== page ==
“Ouch!” Charity exclaimed, reacting to the hitchhiker burrs suddenly penetrating the sock over her right ankle. She hopped on one foot across the ruts to a small flat-topped boulder beside the overgrown road and sat down. That’s what I get for not paying attention.
Midway up a Palo Pinto mountain overlooking the Brazos River, the fall foliage was blazing in color beneath the setting sun. As much as she hated exercising, it was a spectacular time to be trudging the old road to the mountain top and back to the ranch house, burning calories. The doctor had said if she didn’t start eating wisely and increasing her activity, her health was going to suffer. She’d rather be riding Midnight wrangling their cattle on Lost Canyon Ranch.
Her cell phone sang; the tune belonged to Wayne.
“Hey, Sweetheart, how’s my hubby?”
“Ticked off. That cat’s killed another calf. Reached the top?”
“Not yet. I’m parked for a moment pulling hitchhiker’s from my sock. Any sign of that predator?”
“Nope. It’s a fresh kill. I’m going to hide nearby and see if it returns. I may be here most of the night, so don’t wait up for me.”
“Oh, great. I can eat unsupervised. I’m thinking chocolate cake.”
“Yeah, right. Hang in there gal, and do what the doc says. I want you warming my bed for many more years.”
Charity sighed. Wayne knew her resolve was firm this time. Twyla, her best friend since first grade, had died last month. Everyone said they were like two peas in a pod. That scared her.
“Charity, it’s getting dark down here. You better head off that mountain. There’s no telling where that rogue cat is. I don’t think it will bother you, but I’d feel better if you were in the house.”
“I won’t be long, Wayne. I’ve got a flashlight and my snake charmer. I’ll be alright.”
“Okay babe. Gimme a ring if something comes up.”
Charity slipped her sock back on feeling a prick or two, but nothing she couldn’t manage. She hitched up her jeans and headed for the ridge a quarter mile away. She was proud of the ten pounds she had lost in two weeks.
She reached the crest huffing nosily. Fifty yards away, in a clearing amongst a stand of old-growth junipers, was a fire pit bordered with limestone rocks. The grandkids loved to roast weenies and marshmallows there. That was her turn around spot. She circled the dead ashes, wiping sweat from her brow with a damp bandana. The trip back down the decline always made her knees ache painfully and she reminded herself that she needed to buy some liniment.
At the crest she looked back, later thinking she must have done so wondering if enough wood was cut for their next fire. A mountain lion, nose to the ground, tail switching slowly, stood in the road sniffing her track. Sunlight reflected off its gaunt body, burnishing the tawny coat in gold.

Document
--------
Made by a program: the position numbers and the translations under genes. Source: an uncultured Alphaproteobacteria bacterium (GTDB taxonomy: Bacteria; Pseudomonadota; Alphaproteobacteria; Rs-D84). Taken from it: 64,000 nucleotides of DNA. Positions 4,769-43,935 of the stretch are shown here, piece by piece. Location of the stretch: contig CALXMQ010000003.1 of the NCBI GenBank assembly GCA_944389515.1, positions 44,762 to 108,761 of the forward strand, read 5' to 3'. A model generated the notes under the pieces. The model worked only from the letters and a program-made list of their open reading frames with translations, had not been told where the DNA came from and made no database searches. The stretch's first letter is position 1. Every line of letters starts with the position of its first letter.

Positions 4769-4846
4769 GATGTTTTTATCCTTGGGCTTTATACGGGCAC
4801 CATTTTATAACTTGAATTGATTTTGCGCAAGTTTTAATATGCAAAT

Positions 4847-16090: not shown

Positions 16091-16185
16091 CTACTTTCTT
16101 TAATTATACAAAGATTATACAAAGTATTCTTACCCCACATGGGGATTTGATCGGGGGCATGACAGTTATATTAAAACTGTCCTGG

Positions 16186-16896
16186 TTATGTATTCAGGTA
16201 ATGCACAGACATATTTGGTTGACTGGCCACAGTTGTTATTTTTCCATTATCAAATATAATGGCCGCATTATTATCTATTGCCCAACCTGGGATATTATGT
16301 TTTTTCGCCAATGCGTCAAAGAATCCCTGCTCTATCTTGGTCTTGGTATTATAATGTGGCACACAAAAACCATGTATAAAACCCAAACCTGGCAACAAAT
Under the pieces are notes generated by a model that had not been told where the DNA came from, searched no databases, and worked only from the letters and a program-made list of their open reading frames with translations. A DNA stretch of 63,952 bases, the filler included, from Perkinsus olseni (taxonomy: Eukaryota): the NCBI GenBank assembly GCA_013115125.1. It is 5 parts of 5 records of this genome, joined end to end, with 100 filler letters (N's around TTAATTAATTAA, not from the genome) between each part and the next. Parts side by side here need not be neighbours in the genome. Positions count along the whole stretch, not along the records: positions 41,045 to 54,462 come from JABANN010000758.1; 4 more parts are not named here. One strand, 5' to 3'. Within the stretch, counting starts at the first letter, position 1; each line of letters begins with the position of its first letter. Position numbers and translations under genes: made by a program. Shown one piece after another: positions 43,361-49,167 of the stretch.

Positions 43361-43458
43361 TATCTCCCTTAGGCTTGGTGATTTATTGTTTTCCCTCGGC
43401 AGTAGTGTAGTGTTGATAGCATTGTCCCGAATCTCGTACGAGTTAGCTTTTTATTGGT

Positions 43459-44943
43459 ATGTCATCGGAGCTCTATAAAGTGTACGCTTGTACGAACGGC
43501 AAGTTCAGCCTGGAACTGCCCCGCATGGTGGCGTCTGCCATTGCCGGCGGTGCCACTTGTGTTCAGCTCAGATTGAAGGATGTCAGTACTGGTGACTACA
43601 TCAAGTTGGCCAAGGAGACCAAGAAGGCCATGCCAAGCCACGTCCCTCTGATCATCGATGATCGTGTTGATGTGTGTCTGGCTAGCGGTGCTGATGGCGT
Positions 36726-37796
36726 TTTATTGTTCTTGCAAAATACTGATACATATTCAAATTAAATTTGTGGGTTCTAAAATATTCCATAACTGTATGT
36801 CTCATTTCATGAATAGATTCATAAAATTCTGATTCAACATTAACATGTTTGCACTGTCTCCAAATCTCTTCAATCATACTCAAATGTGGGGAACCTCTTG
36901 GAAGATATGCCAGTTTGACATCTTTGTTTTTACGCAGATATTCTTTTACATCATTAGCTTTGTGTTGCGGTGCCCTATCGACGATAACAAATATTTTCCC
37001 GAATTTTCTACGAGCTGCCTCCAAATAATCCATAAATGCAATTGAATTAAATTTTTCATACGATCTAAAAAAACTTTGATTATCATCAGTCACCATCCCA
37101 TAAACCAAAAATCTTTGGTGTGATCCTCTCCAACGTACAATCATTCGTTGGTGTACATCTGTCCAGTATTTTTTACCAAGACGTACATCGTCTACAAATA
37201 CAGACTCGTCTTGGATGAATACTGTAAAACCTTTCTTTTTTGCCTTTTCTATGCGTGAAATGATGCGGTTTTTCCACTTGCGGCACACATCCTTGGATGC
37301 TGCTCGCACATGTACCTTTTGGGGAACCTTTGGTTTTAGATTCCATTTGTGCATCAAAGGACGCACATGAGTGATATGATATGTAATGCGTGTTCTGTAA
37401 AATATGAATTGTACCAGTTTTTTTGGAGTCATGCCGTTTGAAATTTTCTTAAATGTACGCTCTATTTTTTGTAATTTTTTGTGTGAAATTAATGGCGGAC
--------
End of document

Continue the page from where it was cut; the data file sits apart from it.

It was an old cat, and beautiful. But dangerous. It had killed three calves and not eaten them.
The .38 revolver was in Charity’s hand, drawn instinctively from the holster on her hip. She knew how to use it, but hoped she didn’t have to. She didn’t know if it would stop such a big animal.
The cat raised its head, looking intently at her, daring her to break the stare.
“Stay there,” she whispered. “Go away.”
But the beast didn’t. It advanced, stalking slowly toward her.
“Vamoose!” she yelled, fighting panic, steadying the pistol in a two-handed grip.
On crept the cat. Drool frosted its lips, dripping from broken, yellowed teeth. Fifteen feet away it crouched, muscles bunching to launch toward her.
In the instant before it sprang, Charity’s pistol roared twice, nailing the animal in the chest. It slumped over, growling, thrashing its legs.
After Charity’s racing pulse and adrenalin shakes subsided, she got up from the patch of hitchhikers she was kneeling in, momentarily oblivious to their presence. She holstered her firearm and called Wayne.
“Honey, do you recall reading about Samson in the Old Testament? That riddle he posed about a lion: Out of the eater came something to eat, And out of the strong came something sweet?”
“What’s this about?” he whispered. “I need to keep quite over here or I might as well come home.”
“Do that,” she said. “Meet me at the fire pit. I’ve got your bee hive.”
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